(Great) Leap Ahead: a 7 year plan for transit improvements in Metro Vancouver

With great enthusiasm, I read Gordon Price’s synopsis of a new proposed plan for transit in Metro Vancouver, and more crucially, the funding methodology required to achieve it. Paul Hillsdon and Nathan Pachal recommend a 0.5% sales tax devoted to funding the region’s share of the $21.5 billion required to implement the transit improvements over the next seven years. (Almost) everyone pays; everyone benefits.


There are clear benefits to an improved public transit network, with frequent routes throughout the region. The authors cite reduced congestion and productivity losses, improved housing and transportation affordability, and social, health, and environmental benefits as examples.

Funding options

Hillsdon and Pachal have clearly demonstrated why a sales tax is the most prudent solution. It is linked to the movement of goods and services through reducing congestion, and has been a demonstrably successful solution for funding transit in other regions, such as Seattle, Denver, and LA. It is acceptable given that the GST has been reduced by two percentage points in recent years.

The sales tax is also the most equitable, as it is applicable to everyone over the age of 15 who purchases goods and services in Metro Vancouver (about 84% of the population, according to the document). Stephen Rees rightly asks “why an ever more regressive tax system is supposed to be a good idea”. However, the negative impact of the tax on the poorest residents could be ameliorated with a tax rebate, similar to the current GST/HST rebate. It could be made even more palatable by removing less effective taxes, such as the gas tax (see below).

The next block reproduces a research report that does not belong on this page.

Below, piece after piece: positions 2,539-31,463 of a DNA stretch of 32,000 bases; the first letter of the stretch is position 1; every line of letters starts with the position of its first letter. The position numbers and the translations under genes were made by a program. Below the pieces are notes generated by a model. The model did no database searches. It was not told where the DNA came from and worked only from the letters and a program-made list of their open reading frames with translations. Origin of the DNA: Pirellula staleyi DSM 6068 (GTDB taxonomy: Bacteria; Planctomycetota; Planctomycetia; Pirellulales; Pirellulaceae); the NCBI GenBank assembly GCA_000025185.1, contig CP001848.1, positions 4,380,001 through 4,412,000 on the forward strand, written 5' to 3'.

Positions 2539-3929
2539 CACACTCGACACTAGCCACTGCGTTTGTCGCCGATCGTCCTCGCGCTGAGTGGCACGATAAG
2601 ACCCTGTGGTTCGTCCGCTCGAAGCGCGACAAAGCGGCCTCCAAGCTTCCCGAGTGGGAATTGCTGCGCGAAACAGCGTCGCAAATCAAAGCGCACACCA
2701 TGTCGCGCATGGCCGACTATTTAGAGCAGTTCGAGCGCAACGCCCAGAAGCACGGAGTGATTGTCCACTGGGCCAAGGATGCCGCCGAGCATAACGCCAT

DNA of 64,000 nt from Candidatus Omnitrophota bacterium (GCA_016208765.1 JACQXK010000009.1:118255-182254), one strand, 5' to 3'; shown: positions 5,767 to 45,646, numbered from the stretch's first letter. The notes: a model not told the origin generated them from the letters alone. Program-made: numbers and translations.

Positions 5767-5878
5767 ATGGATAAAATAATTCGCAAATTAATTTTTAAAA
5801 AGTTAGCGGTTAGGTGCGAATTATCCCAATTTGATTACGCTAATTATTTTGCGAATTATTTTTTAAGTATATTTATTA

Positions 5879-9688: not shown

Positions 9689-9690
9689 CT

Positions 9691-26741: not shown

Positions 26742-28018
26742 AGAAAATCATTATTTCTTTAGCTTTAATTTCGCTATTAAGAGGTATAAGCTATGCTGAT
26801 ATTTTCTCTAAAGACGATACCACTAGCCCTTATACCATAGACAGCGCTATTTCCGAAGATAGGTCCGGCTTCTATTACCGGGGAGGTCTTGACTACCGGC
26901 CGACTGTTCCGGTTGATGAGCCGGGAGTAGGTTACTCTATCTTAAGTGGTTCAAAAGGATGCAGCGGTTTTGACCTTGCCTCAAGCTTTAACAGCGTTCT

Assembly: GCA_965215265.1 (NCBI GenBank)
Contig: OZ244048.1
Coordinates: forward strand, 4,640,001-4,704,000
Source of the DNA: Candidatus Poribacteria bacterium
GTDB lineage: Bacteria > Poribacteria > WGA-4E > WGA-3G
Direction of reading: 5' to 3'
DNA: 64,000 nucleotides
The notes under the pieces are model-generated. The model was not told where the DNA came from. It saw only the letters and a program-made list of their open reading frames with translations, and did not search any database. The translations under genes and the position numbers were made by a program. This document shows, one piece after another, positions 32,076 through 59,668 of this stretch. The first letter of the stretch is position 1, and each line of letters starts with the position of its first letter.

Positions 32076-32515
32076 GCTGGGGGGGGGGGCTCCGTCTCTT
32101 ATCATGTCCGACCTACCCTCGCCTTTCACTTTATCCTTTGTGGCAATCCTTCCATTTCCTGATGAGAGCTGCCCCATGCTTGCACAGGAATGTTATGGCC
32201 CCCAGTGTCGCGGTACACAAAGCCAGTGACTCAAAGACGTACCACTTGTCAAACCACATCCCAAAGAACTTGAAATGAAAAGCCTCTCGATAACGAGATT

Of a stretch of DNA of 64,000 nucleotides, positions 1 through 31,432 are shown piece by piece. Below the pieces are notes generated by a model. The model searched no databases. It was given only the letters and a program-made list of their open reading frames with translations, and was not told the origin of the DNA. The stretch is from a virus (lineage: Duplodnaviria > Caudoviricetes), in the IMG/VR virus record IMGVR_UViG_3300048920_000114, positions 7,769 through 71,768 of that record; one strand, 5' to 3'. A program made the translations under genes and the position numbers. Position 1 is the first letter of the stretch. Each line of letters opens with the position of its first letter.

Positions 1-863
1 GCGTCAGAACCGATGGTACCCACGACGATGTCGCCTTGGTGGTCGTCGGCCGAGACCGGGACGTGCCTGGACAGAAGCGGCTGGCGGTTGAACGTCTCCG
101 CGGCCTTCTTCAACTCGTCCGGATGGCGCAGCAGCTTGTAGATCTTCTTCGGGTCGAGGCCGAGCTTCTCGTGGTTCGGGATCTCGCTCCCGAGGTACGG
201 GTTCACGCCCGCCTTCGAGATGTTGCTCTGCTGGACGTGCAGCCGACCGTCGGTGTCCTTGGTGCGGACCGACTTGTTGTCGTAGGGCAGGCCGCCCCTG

Other funding sources are unworkable at present. The gas tax is showing diminishing returns because of increased fuel efficiency and reduced driving. Regional mayors are rightly unwilling to increase the property tax burden on homeowners. Transit fares cannot be increased – many lower-income riders would not be able to afford the increases, and some riders would abandon transit; this is the opposite of what the plan is trying to achieve. A vehicle levy was previously rejected by residents in 2001, and is unlikely to be popular now.

Road pricing as a funding solution?

The report’s authors reject road pricing at present, arguing that it only applies to drivers, rather than all residents – despite drivers constituting a majority transportation share. However, in a comment on one of his recent posts, Hillsdon notes:

Once the tax is introduced and the transit system is “completed”, I think passing road pricing is realistic. But people need alternatives available first and the funding for those alternatives need to be stable and sustainable, not based on the mode we are trying to discourage.

I agree. While I am in favour of road pricing for encouraging a shift to more sustainable, less costly modes (transit, cycling, walking), and away from driving, the scheme would be more acceptable when the alternatives are essentially already built. It would be unfair to punish drivers with an additional cost when they do not have viable alternatives to driving in many regions of Metro Vancouver – specifically South of Fraser. We can reexamine road pricing/congestion pricing as a longer term funding solution, once the core frequent transit network, as envisioned in the plan, is built.

The time is now to Leap Ahead

Deftly dismissing the specious arguments about improving fiscal prudence within Translink (already achieved), and paying for transit through eliminating fare evasion (a comparatively miniscule amount, outstripped even by the cost of the new Skytrain faregates), Hillsdon and Pachal argue that the funding solution, and subsequent projects, must be implemented soon.

The provincial government, architects of a problematic structure within Translink (it is responsible for the conflicting needs of both roads and transit, with limited funding) and a disingenuous upcoming referendum on transit, are not taking the lead on implementing solutions. A modest sales tax to fund the transit improvements Metro Vancouver desperately needs is as affordable and straightforward a solution as we’ve seen yet.